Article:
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So, Automotive Torque Specifications are important information to increase performance or perform repairs. If the tightening is very different from the specs then this can even cause significant damage to the vehicle. Additionally, there are different specs depending on whether the bolt is dry or oiled. Each brand of bolt and the type of part it is going into will determine the torque specifications.
So, Most people do not realize that a bolt or a stud acts like a big spring to hold parts together. As a result, It has to be stretched a certain amount in order to do its job. Even though there are tools to measure bolt stretch, most people do not own them. But almost anyone who does mechanical work will have a torque wrench. Most engine torque specifications require 30w engine oil to get the correct stretch on the bolt. Using the wrong lubricant will affect the clamping load.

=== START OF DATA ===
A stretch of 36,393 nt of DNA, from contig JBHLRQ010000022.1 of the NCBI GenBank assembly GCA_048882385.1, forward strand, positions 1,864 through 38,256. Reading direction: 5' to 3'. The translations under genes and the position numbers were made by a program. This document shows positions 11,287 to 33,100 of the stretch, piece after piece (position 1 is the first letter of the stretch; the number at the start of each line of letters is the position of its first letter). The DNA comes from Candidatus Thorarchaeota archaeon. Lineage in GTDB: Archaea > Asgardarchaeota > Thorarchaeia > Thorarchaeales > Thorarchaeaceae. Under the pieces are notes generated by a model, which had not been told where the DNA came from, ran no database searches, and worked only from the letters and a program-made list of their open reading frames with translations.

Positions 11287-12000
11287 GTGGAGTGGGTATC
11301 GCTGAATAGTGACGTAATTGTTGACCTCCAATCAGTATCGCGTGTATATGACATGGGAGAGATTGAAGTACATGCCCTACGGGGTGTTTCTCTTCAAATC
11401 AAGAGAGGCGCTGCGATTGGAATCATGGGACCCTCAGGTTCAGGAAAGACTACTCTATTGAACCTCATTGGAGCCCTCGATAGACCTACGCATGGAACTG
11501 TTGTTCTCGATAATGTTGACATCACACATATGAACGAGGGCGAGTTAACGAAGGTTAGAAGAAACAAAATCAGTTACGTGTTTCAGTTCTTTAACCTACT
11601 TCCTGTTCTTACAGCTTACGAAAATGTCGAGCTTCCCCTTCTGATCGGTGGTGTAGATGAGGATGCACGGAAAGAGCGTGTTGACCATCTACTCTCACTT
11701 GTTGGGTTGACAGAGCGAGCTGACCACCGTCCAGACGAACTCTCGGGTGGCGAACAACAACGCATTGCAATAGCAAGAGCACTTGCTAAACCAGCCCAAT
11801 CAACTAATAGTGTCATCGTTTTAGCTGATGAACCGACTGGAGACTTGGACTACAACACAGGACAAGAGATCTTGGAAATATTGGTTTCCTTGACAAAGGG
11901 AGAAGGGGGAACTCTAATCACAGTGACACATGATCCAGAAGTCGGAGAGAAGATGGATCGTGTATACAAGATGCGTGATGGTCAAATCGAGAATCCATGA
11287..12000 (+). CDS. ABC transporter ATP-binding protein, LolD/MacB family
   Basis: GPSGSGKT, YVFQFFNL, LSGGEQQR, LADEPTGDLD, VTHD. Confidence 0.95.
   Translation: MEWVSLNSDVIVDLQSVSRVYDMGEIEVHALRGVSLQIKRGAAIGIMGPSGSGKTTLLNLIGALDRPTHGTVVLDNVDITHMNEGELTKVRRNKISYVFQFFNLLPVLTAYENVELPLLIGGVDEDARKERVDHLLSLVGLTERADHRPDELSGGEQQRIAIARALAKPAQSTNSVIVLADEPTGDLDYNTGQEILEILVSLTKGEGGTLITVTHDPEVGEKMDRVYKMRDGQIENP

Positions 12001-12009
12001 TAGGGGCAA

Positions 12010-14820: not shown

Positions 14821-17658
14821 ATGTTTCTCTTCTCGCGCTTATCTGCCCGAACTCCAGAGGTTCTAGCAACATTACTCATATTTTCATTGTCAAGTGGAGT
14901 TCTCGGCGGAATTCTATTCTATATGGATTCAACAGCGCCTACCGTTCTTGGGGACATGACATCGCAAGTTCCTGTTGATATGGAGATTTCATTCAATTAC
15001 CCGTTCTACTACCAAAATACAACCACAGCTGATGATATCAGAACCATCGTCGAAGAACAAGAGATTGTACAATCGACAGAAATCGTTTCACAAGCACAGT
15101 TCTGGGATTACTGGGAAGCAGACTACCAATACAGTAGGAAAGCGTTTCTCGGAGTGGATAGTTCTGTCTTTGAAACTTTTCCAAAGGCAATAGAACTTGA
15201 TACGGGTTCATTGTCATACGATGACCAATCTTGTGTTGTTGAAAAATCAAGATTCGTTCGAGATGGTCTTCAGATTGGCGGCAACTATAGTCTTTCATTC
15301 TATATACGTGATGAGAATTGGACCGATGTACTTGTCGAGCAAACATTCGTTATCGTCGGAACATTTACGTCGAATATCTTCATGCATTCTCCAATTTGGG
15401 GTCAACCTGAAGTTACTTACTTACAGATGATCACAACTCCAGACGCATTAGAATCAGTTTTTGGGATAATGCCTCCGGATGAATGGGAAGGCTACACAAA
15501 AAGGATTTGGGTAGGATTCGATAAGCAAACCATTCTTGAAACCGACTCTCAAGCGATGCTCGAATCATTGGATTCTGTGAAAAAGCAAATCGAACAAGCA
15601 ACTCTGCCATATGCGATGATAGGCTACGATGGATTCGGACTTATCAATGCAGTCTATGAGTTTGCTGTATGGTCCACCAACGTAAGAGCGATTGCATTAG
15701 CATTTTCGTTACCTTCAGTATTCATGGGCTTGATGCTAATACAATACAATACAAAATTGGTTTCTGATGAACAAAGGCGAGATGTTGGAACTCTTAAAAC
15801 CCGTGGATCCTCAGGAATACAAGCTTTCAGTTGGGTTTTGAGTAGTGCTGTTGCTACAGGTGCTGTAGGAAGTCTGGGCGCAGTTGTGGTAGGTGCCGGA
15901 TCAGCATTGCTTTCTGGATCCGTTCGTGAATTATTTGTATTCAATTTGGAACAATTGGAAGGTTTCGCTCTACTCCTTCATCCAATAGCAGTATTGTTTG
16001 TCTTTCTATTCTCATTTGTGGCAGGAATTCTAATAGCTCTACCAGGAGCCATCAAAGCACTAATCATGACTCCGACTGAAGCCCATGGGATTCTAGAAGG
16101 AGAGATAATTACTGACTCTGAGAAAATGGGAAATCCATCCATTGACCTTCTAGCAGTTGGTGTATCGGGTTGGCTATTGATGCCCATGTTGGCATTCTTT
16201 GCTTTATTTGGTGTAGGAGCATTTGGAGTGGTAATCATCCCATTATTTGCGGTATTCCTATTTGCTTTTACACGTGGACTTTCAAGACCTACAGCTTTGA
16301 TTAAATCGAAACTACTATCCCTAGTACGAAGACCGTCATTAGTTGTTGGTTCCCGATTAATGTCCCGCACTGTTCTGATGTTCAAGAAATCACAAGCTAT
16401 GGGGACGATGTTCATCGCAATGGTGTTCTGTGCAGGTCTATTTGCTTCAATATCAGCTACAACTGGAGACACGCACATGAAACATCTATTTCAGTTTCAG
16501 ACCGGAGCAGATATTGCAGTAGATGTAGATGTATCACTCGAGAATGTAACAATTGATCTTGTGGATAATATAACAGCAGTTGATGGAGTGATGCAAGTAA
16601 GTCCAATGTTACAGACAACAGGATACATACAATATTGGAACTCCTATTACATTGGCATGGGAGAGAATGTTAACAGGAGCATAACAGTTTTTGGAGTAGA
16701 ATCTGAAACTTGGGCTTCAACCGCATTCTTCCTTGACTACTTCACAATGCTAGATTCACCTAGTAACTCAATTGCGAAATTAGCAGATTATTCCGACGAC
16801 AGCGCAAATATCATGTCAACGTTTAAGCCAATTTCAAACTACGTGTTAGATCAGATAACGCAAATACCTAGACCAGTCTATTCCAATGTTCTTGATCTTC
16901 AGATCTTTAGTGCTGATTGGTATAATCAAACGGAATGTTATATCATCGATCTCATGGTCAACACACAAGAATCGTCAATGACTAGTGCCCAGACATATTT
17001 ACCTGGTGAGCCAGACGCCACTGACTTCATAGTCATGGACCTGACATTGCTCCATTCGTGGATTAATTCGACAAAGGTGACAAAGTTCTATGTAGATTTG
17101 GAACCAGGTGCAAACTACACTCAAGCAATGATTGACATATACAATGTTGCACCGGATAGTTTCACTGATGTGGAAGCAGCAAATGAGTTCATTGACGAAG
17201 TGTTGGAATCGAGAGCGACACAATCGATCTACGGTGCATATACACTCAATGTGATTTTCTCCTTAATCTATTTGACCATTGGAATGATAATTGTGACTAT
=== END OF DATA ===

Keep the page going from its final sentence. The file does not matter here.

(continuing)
Some specialty fasteners require a specific lubricant. It is important to know which lube, if any, the bolt requires and to use it when tightening it.
A torque wrench really only senses friction. For example, take a bolt with a torque specification of 50 lb ft. Tighten it with no lubrication at all and mark it so that you know where it stopped turning. Now loosen the bolt and apply some engine oil to the threads and under the head of the bolt.
Consequently, when you torque it again it will most certainly turn considerably further, which means it has stretched more. This is why it is so important to know what, if any, lubricant the manufacturer specifies for each fastener.